October 2, 2014 – Segment 1
Marc talks about what happened on this day in history, including the day President George Washington put the Bill of Rights forward for a vote, the day Dominican Republic dictator Rafael Trujillo ordered the execution of Haitians living within the borderlands, and the birthday of Nat Turner.
Independence day, celebrating Guinea’s independence from France in 1958
Batik Day, Indonesia
Gandhi Jayanti (India)
International Day of Non-Violence, (international)
On this day,
1187 – Siege of Jerusalem: Saladin captures Jerusalem after 88 years of Crusader rule.
1263 – The battle of Largs is fought between Norwegians and Scots.
1789 – George Washington puts forth the Bill of Rights for ratification by the States
1835 – The Texas Revolution begins with the Battle of Gonzales: Mexican soldiers and Texan militia face off in Gonzales, Texas after an attempt at disarmament by the Mexican soldiers.
1919 – U.S. President Woodrow Wilson suffers a massive stroke, leaving him partially paralyzed
1928 – The “Prelature of the Holy Cross and the Work of God”, commonly known as Opus Dei, is founded by SaintJosemaria Escriva
1937 – Rafael Trujillo of the Dominican Republic, orders the execution of the Haitians living within the borderlands of the two nations. 20,000 people are killed over the next 5 days
1950 – Peanuts by Charles M Schulz is first published
1958 – Guinea declares its independence from France.
1959 – The Twilight Zone premieres on CBS television
1967 – Thurgood Marshall is sworn in as the first African-American justice of United States Supreme Court
1968 – President Gustavo Diaz Ordaz of Mexico orders soldiers to end peaceful student demonstrations in Mexico City, leading to the Tlatelolco Massacre. 30-300 students and civilians were killed by sodiers and police. Students were protesting the government alongside poor farmers and laborers. The Mexican government had invested the equivalent of $7.5billion US (present day) into the 1968 olympics whilst much of the country was not adequately able to provide for their own families. An official tally of the dead and wounded has never been agreed upon. The 1968 Olympics in Mexico went ahead as planned.
1970 – A plane carrying the Wichita State university football team, administrators and supporters crashes in Colorado, killing 31 people.
1979 – Pope John Paul II denounces all forms of concentration camps and torture while speaking at the U.N. in New York City.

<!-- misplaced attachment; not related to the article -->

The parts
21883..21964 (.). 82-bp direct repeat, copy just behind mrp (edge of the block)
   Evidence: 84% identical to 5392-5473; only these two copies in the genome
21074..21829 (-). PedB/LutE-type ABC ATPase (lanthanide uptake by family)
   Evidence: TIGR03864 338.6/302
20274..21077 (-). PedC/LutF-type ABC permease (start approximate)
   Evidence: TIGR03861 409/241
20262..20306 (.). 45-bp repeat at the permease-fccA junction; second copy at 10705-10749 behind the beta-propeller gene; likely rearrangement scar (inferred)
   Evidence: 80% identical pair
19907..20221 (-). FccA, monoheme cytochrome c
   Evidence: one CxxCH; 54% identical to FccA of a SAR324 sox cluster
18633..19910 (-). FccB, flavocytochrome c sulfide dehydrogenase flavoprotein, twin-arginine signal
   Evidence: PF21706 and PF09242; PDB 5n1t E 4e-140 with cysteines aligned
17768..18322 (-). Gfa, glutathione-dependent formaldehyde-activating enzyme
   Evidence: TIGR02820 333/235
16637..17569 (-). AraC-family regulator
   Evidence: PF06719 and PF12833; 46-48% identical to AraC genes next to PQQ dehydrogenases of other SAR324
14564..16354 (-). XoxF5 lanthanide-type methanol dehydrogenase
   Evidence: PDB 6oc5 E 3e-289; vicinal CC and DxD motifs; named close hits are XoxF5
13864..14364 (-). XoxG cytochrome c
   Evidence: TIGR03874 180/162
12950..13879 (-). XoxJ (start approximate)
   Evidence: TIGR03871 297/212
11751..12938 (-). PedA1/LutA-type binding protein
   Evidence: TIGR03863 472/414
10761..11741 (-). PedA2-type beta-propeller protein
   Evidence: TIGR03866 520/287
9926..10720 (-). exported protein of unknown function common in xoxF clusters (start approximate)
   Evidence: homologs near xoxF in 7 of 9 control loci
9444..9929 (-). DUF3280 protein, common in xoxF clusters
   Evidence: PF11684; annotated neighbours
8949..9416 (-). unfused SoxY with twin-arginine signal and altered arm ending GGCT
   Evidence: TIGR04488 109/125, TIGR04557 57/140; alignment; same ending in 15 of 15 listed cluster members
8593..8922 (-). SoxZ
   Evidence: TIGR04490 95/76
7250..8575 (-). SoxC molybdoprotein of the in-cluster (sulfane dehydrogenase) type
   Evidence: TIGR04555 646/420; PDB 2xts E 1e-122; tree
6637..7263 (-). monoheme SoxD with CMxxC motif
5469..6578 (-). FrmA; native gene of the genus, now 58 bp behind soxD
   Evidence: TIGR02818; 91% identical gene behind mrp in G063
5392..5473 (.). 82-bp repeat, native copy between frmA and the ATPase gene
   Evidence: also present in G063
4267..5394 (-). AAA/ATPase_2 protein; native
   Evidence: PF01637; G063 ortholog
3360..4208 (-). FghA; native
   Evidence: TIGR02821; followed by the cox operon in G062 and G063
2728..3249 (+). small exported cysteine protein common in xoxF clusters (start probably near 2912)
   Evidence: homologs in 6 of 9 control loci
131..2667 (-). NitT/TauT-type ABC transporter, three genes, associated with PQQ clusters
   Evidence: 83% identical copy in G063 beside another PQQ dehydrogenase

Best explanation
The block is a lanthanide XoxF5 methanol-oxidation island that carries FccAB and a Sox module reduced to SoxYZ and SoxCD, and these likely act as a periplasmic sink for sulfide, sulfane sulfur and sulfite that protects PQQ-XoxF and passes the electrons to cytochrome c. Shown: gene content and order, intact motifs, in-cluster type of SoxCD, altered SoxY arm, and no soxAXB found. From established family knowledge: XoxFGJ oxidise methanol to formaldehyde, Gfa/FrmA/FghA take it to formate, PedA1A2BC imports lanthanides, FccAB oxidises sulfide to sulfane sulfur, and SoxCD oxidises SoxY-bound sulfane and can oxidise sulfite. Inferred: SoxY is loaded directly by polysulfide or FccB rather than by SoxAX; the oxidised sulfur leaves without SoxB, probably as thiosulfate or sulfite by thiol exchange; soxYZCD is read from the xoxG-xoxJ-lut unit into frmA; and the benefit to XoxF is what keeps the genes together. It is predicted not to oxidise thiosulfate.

1996 – The Electronic Freedom of Information Act Amendments are signed by U.S. President Bill Clinton.
2001 – NATO backs U.S. military strikes following 9/11
2006 – Five school girls are murdered by Charles Carl Roberts in a shooting at an Amish school in Nickel Mines, Pennsylvania, before Roberts commits suicide.
1452 – Richard III of England
1798 – Charles Albert of Sardinia
1800 – Nat Turner, American slave who led a slave rebellion
1824 – Henry C. Lord, American railroad executive
1868 – Mahatma Gandhi, Indian activist and philosopher
1890 – Groucho Marx, American comedian, actor and singer (d.1977)
1904 – Graham Greene, English author, playwright and critic (d. 1991)
1914 – Jack Parsons, American chemist occultist, and engineer
1944- Vernon Vinge, American computer scientist and author
1948 – Donna Karan, American fashion designer, founded DKNY
1949 – Annie Leibowitz, American photographer
1764 – William Cavendish, 4th Duke of Devonshire, English politician, Prime Minister of the United Kingdom
1780 – John Andre – English soldier, executed as a spy in America on this day
1803 – Samuel Adams, American politician, 4th Governor of Masschusetts (b. 1722)
1968 – Marcel Duchamp, French painter and sculptor (b.1887)
2003 – John Thomas Dunlop, American scholar and politician, 14th United States Secretary of Labor
Sources: The People History; This Day in Labor History; Wikipedia List of Historical Anniversaries; This Day in Women’s History; This Day in African History;History.com; History Orb; Yenoba; Selected Black Facts; Phil Konstantin’s North American Indian History; and This Day in Music